Keywords: Collective actions, social identity, willingness to participate, pepper, Farm Management,
    Date: 2015–04
  8. By: Anne-Sophie Hayek; Claudia Toma; Dominique Oberlé; Fabrizio Butera
    Abstract: We hypothesized that individual grading in group work, a widespread practice, hampers information sharing in cooperative problem solving. Experiment 1 showed that a condition in which members’ individual contribution was expected to be visible and graded, as in most graded work, led to less pooling of relevant, unshared information and more pooling of less-relevant, shared information than two control conditions where individual contribution was not graded, but either visible or not. Experiment 2 conceptually replicated this effect: Group members primed with grades pooled less of their unshared information, but more of their shared information, compared to group members primed with neutral concepts. Thus, grading can hinder cooperative work and impair information sharing in groups.
    Keywords: information sharing; grades; hidden profiles; cooperation; mixed-motives
    Date: 2015–05–06
  9. By: Adel Al Khattab (Al-Hussein Bin Talal University); Hasan Al-Shalabi (Al-Hussein Bin Talal University); Khamis Al-Khattab (Al-Hussein Bin Talal University); Mahmaod Al-Rawad (Al Hussain Bin Talal University)
    Abstract: Purpose: This study was undertaken with the primary aim of identifying, examining and providing an understanding of the factors that could affect citizens’ intention to adopt and use e-government services in Jordan.Design: The preliminary research model used here has been developed from the Technology Acceptance Model by incorporating additional constructs from other models, namely, web trust and perceived risk. A self-administered questionnaire was completed by the selected sample. The response rate of 59.2%. The data were analyzed using parametric statistics including ANOVA, MANOVA, means analysis, and the t-test.Findings: The finding of this study revealed that there are four main factors that affect citizen's intention to engage in electronic government services; these are perceived ease of use, perceived usefulness, perceived risk, and trust in electronic channels. The findings have also revealed that the modified research model can explain 58.1 per cent of the variance in citizens' intention to adopt and use electronic government services. Limitations/Implications: A practical implication of the findings and conclusions of this study is that governments are urged to take into account the importance of perceived usefulness, perceived ease of use, trust and perceived risk in influencing the intention of citizens to use e-government services. This study also serves as a tool for understanding user acceptance of Internet applications such as e-government technology. Originality: This study is one of the first to provide important information on factors affecting citizens intention to adopt and use electronic government services in Jordan.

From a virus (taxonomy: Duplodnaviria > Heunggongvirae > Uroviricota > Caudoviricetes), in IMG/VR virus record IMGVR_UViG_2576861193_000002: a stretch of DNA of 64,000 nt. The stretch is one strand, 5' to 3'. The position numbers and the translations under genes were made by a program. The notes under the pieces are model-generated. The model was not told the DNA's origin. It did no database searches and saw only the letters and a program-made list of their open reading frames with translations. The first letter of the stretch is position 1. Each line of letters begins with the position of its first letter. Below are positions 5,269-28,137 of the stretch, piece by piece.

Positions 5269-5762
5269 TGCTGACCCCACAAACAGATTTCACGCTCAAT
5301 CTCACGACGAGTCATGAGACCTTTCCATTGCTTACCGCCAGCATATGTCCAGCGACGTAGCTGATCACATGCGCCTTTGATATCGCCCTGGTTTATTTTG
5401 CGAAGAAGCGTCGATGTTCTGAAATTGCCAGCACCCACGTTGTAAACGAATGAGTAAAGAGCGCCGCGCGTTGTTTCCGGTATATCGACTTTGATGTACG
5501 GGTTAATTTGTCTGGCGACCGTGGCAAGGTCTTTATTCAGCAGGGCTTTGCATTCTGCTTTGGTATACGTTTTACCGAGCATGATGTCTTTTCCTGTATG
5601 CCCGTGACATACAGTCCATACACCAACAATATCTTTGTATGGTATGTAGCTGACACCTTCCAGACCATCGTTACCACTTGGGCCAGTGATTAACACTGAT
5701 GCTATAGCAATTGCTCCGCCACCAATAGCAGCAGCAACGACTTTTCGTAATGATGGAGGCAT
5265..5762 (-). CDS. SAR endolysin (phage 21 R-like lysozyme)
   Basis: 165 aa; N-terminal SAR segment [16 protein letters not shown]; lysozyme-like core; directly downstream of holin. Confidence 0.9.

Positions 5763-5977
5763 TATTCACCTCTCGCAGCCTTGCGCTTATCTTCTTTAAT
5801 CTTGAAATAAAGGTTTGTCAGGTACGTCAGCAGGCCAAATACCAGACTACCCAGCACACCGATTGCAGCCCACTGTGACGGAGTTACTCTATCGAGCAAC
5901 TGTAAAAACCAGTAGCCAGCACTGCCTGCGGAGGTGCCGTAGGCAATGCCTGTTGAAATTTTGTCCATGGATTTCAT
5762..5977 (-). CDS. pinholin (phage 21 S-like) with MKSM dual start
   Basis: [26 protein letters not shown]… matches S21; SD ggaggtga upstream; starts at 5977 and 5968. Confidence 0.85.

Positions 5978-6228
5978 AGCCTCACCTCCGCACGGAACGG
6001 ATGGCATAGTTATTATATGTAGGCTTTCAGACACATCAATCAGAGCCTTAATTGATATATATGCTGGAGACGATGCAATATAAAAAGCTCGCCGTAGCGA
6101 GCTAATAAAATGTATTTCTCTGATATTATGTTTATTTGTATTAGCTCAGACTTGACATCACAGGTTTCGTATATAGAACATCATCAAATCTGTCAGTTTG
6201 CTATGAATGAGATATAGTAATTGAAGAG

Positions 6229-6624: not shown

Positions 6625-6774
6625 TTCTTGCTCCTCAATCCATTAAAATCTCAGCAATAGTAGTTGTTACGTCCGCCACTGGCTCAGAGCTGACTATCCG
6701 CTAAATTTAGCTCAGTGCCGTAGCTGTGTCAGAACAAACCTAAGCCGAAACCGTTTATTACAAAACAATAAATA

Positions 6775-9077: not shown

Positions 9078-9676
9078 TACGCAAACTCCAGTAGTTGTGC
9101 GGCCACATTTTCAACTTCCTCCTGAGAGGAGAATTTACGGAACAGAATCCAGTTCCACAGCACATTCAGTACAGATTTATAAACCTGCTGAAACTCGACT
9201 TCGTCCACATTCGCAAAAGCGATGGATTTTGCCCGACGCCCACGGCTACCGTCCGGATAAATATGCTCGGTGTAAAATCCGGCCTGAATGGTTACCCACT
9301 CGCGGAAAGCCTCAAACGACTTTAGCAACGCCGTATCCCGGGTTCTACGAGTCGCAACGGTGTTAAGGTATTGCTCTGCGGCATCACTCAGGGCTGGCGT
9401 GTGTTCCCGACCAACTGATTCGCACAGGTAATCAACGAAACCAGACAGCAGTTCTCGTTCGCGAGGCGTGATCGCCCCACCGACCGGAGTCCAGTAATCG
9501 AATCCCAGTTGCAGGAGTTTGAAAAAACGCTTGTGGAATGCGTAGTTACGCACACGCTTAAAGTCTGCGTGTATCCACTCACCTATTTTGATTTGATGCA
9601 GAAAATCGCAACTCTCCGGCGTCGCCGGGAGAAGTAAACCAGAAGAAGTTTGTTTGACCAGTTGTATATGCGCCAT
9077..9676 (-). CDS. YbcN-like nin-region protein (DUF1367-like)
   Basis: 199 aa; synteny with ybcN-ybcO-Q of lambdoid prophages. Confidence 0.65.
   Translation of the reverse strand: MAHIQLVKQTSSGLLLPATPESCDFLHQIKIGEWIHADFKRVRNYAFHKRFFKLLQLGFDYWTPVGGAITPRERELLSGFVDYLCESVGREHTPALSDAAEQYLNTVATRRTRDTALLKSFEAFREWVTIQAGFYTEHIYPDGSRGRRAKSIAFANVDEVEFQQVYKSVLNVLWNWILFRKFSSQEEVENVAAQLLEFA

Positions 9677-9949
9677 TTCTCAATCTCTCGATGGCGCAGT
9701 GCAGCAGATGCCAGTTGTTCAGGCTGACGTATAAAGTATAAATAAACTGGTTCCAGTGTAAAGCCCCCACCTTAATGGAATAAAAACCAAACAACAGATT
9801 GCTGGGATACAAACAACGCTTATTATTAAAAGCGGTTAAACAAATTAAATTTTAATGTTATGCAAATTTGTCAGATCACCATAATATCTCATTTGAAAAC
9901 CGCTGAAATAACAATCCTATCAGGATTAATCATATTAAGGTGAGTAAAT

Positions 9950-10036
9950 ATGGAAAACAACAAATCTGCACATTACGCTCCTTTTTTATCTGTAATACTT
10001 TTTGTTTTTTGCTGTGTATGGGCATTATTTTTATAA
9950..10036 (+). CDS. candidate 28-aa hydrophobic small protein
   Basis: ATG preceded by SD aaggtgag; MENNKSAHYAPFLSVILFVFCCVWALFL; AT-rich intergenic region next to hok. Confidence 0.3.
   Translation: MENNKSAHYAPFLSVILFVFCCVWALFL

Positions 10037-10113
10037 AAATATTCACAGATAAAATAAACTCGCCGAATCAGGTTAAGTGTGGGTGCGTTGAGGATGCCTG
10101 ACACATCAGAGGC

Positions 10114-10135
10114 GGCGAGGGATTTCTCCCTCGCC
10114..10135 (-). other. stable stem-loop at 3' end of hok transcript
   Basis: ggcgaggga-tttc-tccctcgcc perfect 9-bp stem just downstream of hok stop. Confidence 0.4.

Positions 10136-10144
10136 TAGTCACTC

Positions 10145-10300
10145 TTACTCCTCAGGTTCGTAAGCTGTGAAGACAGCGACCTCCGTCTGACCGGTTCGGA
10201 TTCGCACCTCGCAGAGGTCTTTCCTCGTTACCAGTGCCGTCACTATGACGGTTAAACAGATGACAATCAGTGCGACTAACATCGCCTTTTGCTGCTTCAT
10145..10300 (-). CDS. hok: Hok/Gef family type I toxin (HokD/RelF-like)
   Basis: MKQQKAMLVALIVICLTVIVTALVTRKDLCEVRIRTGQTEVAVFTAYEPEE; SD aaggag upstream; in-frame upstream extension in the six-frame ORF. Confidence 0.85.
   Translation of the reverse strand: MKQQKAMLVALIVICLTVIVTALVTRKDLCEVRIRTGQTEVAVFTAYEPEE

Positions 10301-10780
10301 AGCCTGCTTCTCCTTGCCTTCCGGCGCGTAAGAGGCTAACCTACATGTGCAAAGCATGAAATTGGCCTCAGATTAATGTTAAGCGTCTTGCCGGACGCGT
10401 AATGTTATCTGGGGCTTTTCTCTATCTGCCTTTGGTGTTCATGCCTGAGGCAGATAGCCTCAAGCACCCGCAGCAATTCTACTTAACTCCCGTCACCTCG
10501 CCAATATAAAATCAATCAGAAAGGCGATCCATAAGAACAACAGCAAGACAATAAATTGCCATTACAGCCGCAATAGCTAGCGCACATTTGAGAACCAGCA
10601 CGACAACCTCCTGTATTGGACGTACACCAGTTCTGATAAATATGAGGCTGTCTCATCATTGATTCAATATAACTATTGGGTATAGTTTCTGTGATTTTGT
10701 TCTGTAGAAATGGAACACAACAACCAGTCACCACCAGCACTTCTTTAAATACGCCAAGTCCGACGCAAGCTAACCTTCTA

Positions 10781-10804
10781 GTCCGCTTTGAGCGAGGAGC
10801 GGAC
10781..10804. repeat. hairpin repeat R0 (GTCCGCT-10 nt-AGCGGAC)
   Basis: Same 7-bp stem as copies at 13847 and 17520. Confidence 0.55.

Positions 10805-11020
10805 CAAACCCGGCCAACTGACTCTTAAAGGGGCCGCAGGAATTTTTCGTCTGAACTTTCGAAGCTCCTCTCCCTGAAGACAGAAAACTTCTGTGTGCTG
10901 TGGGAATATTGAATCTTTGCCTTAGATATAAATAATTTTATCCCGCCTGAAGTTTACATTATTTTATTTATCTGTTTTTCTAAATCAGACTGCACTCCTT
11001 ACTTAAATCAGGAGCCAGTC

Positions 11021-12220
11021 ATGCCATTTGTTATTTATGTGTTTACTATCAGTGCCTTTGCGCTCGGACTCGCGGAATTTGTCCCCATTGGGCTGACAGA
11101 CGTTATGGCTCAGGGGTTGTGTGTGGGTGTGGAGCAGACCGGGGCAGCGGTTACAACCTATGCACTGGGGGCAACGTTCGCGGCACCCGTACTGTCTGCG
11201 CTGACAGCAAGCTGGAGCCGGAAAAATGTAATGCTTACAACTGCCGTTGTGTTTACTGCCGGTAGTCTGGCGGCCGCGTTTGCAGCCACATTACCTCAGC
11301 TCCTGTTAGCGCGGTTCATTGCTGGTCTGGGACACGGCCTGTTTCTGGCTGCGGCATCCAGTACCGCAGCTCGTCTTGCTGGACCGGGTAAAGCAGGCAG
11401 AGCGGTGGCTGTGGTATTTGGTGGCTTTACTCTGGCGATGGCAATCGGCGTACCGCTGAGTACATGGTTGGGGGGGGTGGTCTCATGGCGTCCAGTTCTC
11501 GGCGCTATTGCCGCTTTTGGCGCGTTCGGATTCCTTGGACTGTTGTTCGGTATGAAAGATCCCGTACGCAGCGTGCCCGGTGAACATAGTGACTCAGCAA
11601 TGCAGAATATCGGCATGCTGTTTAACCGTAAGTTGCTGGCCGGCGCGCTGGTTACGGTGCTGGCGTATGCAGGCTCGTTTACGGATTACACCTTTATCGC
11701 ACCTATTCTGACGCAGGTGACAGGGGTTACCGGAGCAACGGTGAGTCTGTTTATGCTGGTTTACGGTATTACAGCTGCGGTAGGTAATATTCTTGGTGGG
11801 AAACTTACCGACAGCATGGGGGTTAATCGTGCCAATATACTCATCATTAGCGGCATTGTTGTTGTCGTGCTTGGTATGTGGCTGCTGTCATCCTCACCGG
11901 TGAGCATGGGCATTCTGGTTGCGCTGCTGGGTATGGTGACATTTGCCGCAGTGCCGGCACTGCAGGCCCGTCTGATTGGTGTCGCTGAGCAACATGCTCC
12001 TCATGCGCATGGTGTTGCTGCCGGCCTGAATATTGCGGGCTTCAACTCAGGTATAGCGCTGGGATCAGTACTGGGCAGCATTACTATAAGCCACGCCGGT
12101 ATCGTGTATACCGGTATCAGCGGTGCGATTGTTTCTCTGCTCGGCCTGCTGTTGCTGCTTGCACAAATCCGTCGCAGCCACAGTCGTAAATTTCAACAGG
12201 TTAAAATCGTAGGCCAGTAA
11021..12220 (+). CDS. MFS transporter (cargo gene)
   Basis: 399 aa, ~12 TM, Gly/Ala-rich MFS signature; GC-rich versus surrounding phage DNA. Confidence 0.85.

Keywords: Jordan, electronic government, technology adoption and acceptance, Perceived Risk, trust.
    JEL: D80 O32